How to Buy a House From a Seller Who Will Hold a Second Mortgage

Seller financing may get you into your dream home faster.

Seller financing may get you into your dream home faster.

Finding your dream home doesn't necessarily mean you automatically get to live happily ever after in it. First, you have to obtain the mortgage you need to grab hold of the keys. If your mortgage lender won't grant enough to cover the whole bill, a motivated seller may agree to hold a second mortgage for you. This means he finances the difference between the amount you can pay and the amount he wants for the property. It also means you have two mortgages to pay: one to a traditional lender and another to the seller.

A First Mortgage

Secure a first mortgage that is as close to the sale price as possible. A seller may prove more interested in your offer if she doesn't have to hold a large second mortgage. Scrape together as much as you can as a down payment, as the more cash you have to offer, the less the seller will have to finance to help you buy her property. Since holding a second mortgage for a buyer can be risky, you want to make the deal as attractive as possible.

Permission of Your Lender

Get your first mortgage lender's permission. Though you might find a motivated seller to hold a second mortgage for you, this doesn't necessarily mean the deal will fly with your lender. In considering the risk of lending you the money to buy a home, your lender will want to know all of the details of your financial situation, including where you will get the money it doesn't provide. If your lender thinks the second mortgage will prove too hard for you to pay, it may not grant permission.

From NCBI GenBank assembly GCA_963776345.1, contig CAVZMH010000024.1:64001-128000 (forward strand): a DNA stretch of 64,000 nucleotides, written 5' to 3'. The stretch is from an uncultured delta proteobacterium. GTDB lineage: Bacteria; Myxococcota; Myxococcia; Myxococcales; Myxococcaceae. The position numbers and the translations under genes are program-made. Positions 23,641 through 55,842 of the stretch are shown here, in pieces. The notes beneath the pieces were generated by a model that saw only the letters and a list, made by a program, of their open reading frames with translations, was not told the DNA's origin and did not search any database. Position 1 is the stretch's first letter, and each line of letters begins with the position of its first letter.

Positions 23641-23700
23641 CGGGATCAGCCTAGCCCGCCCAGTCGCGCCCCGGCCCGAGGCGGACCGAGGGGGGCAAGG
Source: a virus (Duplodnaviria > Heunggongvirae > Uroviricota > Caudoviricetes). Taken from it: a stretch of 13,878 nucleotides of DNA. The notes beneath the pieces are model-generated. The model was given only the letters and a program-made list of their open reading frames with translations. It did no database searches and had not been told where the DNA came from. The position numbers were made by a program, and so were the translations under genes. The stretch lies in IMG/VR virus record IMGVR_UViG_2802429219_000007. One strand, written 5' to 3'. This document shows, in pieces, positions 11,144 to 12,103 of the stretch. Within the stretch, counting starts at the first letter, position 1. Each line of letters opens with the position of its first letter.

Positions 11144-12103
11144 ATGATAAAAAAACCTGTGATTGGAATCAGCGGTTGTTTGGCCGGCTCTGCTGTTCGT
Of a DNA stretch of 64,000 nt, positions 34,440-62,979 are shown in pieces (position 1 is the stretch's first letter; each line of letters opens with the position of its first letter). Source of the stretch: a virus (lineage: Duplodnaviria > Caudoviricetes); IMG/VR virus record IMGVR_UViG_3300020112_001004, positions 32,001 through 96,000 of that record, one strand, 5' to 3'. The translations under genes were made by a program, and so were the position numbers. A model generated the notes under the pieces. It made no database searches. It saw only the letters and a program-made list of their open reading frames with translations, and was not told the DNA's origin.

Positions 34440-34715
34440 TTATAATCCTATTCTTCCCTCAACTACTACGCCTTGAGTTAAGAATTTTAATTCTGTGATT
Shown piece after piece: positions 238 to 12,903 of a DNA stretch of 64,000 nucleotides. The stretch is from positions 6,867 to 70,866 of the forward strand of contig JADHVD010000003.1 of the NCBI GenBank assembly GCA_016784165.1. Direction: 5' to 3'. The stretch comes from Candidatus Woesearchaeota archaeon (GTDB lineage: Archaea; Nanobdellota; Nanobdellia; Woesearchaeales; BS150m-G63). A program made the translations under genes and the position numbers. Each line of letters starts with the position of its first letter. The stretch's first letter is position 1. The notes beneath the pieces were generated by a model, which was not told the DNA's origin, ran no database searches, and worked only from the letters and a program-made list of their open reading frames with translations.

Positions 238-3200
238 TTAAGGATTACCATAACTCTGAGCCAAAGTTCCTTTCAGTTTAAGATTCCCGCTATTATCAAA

Loan Amounts

The amount of second mortgage the seller holds depends on the loan you qualify for with a mortgage lender and the amount of cash you have for a down payment. Often, a first mortgage provides about 80 percent of the sale price of a home and the seller holds a second mortgage to cover the remaining 20 percent. If you have money to offer as a down payment, you may need the seller to finance less of your purchase. For example, if your first mortgage provides 80 percent of the sale price and you have a 10 percent down payment, the seller may hold a 10 percent second mortgage to help you buy the property.

Second Mortgage Negotiation

Negotiate with the seller to pin down the second mortgage deal you want. Negotiations may cover the final sale price, down payment, how much you'll owe the seller in total, how long you'll have to repay the second mortgage, and estimates of your interest and second mortgage payments. Avoid agreeing to more than you can comfortably afford. Starting home ownership on shaky ground may make foreclosure more likely.

Signing Documents

Sign a promissory note with your seller. A promissory note details your promise to repay the second mortgage the seller extends. This document spells out the terms of your second mortgage in detail, including the amount you have to repay and the length of time you have to repay it. Get the agreement in writing and ask a lawyer to review it before you sign. A lawyer may find loopholes or questionable clauses capable of causing problems for you later.

 

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